Fostering a culture of hospitality and defending the right to education of refugees and migrants is a current issue we all need to tackle and as such the Jesuit Conference of Canada and the United States have decided to launch the North American “Campaign for Hospitality”, led by the Ignatian Solidarity Network (ISN) , Jesuit Refugee Service/USA, Jesuit Schools Network, and Friends of Fe y Alegría.
The Campaign for Hospitality will reach out to U.S. and Canadian Jesuit universities, schools, parishes, social ministries, retreat centers, Jesuit communities, and other ministries. It will attempt to engage those in the Jesuit family who may not normally participate in social justice initiatives, such as alumni of Jesuit schools, parents of students, and parishioners.
The campaign will expose the harsh realities associated with human migration and will include three main elements: encounter, understanding, and action. Public awareness materials will be available to participants as well as education and advocacy resources and information for those interested in hosting migrants.
“Encounter will often come through tangible experiences directly or virtually with those who migrate,” said Christopher Kerr, executive director of ISN. “Action will include advocacy, acts of hospitality, and public witness. Understanding has a double meaning — both providing resources for intellectual understanding of the issues and, perhaps more importantly, encouraging dialogue that leads people to a deeper understanding of the recognition of the realities migrants face — and the reasons that people feel challenged to be welcoming to them at times.”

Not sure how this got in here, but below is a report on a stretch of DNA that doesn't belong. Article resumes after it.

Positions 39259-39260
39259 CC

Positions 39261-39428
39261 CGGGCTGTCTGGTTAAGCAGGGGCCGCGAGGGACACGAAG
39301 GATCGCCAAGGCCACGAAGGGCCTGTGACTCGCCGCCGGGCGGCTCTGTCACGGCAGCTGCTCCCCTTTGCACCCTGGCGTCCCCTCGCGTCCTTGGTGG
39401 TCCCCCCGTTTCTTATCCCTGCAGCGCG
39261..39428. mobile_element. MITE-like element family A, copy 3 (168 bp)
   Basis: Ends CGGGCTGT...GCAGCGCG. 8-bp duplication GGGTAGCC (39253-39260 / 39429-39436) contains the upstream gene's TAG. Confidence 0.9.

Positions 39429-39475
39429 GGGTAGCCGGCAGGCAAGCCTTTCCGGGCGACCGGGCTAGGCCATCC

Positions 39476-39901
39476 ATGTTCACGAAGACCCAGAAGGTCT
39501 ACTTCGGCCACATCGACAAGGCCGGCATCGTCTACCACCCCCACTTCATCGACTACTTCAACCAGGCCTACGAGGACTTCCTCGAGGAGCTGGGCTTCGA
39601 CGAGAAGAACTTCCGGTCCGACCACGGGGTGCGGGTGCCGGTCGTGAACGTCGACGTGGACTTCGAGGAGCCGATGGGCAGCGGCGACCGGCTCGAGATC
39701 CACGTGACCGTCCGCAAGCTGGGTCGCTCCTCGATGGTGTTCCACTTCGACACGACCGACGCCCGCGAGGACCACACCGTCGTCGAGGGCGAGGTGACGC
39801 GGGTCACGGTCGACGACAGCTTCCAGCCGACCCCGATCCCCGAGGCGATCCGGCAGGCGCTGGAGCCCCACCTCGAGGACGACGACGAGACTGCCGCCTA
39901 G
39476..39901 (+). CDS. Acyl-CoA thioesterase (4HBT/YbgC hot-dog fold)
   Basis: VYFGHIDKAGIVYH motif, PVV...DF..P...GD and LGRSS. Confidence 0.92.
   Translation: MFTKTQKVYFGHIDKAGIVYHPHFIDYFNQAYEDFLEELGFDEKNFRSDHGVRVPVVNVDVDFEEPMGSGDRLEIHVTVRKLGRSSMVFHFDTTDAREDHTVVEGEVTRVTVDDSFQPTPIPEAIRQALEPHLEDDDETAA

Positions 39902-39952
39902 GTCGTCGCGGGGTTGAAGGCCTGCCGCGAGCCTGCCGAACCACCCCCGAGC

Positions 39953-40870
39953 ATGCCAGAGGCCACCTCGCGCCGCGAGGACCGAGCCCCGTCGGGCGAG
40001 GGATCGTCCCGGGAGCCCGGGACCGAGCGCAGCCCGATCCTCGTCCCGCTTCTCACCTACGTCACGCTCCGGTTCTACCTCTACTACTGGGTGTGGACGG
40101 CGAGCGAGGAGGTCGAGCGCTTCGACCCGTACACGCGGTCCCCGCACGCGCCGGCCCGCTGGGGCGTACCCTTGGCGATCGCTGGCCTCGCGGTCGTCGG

But “images and words are not always sufficient when inviting people into transformation,” said Kerr.
“Our human nature often requires that we encounter the ‘wounds’ of injustice directly before we can truly come to understand them and respond to them.” For this reason, the campaign will include opportunities for getting to know migrants.
To do this, the campaign will partner with other Jesuit organizations, such as the Kino Border Initiative, which works with migrants at the U.S.-Mexico border. Local opportunities for interaction could include meeting with undocumented students at a Jesuit university, who could share their experiences with students, parents, and alumni in the area.
“I am encouraged to see this type of cooperation between Jesuit ministries and our Ignatian partners,” said Fr. Timothy Kesicki, SJ, president of the Jesuit Conference of Canada and the United States. “Together we can do so much to welcome migrants and displaced peoples and learn from their experience.”
For more on the Campaign for Hospitality and to register as a participant, click here.